The best newcomers for Canada are well-educated and English-speaking but they’re no longer our chief priority, a new analysis on immigration policies says.

Toronto Star
July 22, 2009

Leslie Ciarula Taylor

The best newcomers for Canada are well-educated and English-speaking but they’re no longer our chief priority, a new analysis on immigration policies says.

“Everything is a priority except skilled workers,” said Naomi Alboim, author of the study released today.

“(We know) federal skilled workers … do the best in terms of their long-term economic contributions to Canada.”

Instead, said Alboim, “the federal government is devolving responsibility to the provinces.”

The result is a national immigration system built on short-term thinking and outdated methods of integrating newcomers, she said.

The study spells out 15 fixes that involve federal and provincial governments, educators who recruit foreign students and employers who hire temporary workers.

Step one, said Alboim, is to put the emphasis back on federal skilled workers, with a refined points system that factors in skilled trades and requires proof of the ability to speak English or French.

Called “Adjusting the Balance: Fixing Canada Economic Policies,” the study involved a year of research by governments, academics and immigrant settlement workers for The Maytree Foundation, a non-profit organization devoted to developing policies and finding solutions to combat poverty.

Part of the problem, said Alboim, is a patchwork of new immigration programs unloaded on Canadians with no public debate.

“If they do have a vision, it sure would be nice for it to have been developed with debate, even parliamentary debate,” she said.

“Immigration policy is one of the most important policies we have. It determines who we will be tomorrow.”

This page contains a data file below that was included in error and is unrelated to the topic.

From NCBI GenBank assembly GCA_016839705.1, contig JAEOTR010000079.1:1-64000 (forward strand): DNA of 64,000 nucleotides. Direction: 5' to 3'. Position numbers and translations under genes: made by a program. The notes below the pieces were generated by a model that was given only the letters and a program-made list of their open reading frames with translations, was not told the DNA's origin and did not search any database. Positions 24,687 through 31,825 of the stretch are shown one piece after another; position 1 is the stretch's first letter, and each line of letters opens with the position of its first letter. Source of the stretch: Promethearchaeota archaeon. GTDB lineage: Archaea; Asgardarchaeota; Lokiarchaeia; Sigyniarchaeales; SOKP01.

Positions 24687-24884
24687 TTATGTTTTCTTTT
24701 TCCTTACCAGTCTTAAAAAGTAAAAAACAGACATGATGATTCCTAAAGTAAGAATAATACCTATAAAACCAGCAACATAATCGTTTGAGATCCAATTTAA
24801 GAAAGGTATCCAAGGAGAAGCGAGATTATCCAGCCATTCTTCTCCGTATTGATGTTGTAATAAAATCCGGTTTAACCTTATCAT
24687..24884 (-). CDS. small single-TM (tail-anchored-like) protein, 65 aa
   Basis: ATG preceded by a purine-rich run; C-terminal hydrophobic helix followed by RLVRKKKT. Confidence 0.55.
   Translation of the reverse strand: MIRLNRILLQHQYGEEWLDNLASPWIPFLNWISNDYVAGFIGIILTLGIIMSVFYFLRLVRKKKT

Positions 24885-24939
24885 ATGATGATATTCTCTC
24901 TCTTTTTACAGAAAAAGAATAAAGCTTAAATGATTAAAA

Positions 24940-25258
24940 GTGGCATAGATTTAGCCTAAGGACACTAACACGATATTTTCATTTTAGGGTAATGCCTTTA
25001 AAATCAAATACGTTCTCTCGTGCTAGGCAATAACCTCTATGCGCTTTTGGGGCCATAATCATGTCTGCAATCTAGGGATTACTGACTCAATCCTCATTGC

Ottawa has increased the number of temporary foreign workers by 100 per cent from 2004 to 2008. The number of provincial nominees, who are chosen by each province based on their own rules, has risen by 40 per cent to 22,411 from 2006 to 2008.

However, skilled workers who came through the federal system from 2006 to 2008 fell by 2,211.

Eight years ago, fewer than 500 immigrants came as provincial nominees, a quick route that lets employers recruit foreign workers based on their needs. Ottawa relaxed the rules because of frustration with its long delays, which had swelled the backlog of waiting immigrants to nearly 925,000 before new rules arrived last year.

Along with opening the doors to temporary workers and provincial nominees, Ottawa in 2008 created a priority list of 38 occupations to further screen federal skilled workers and created a new category: the Canadian Experience Class, which gives international students and temporary workers here a shot at permanent residence.

By June 2009, the new category had drawn 2,600 applicants.

“I think it’s a great idea,” said Alboim of the Canadian Experience Class. But the Australian experience, in which an unrestrained similar program swelled to cover more than 50 per cent of all immigrants, shows how it can go off the rails.

There are risks involved. Universities may not be ready for a flood of international students. And temporary workers are forced to first come without their families, security or government support programs.

Meanwhile, said Alboim, the new 38-job priority list is outdated in some cases and in others involves people having to jump through the credential recognition hoops provinces set up.

The 15 recommendations from “Adjusting the Balance: Fixing Canada’s Economic Immigration Policies,” released today by Naomi Alboim and the Maytree Foundation:

1. Articulate a national vision for economic immigration through public dialogue and debate.
2. Improve the capacity for long-range planning to achieve the vision.
3. Make the Federal Skilled Worker Program Canada’s priority for economic immigration.
4. Revise the Federal Skilled Worker Program to better match labour market needs.
5. Connect applicants to employers.
6. Create a national framework for provincial nominee programs that allows for provincial variation and that complements but does not replace the Federal Skilled Worker Program.
7. Eliminate the Low Skill Pilot Program for temporary foreign workers.
8. Monitor recruitment and working conditions of temporary foreign workers.
9. Strengthen the “labour market opinion” process.
10. Define the role of employers and post-secondary institutions in two-step economic immigration.
11. Expand eligibility for the Canadian Experience Class on a one-time basis for temporary foreign workers already admitted under the Low Skill Pilot Project.
12. Expand overseas information and services,
13. Broaden eligibility for federally funded settlement services.
14. Expand access to funding for labour market services.
15. Fund successful and creative labour market supports.



Reference: Toronto Star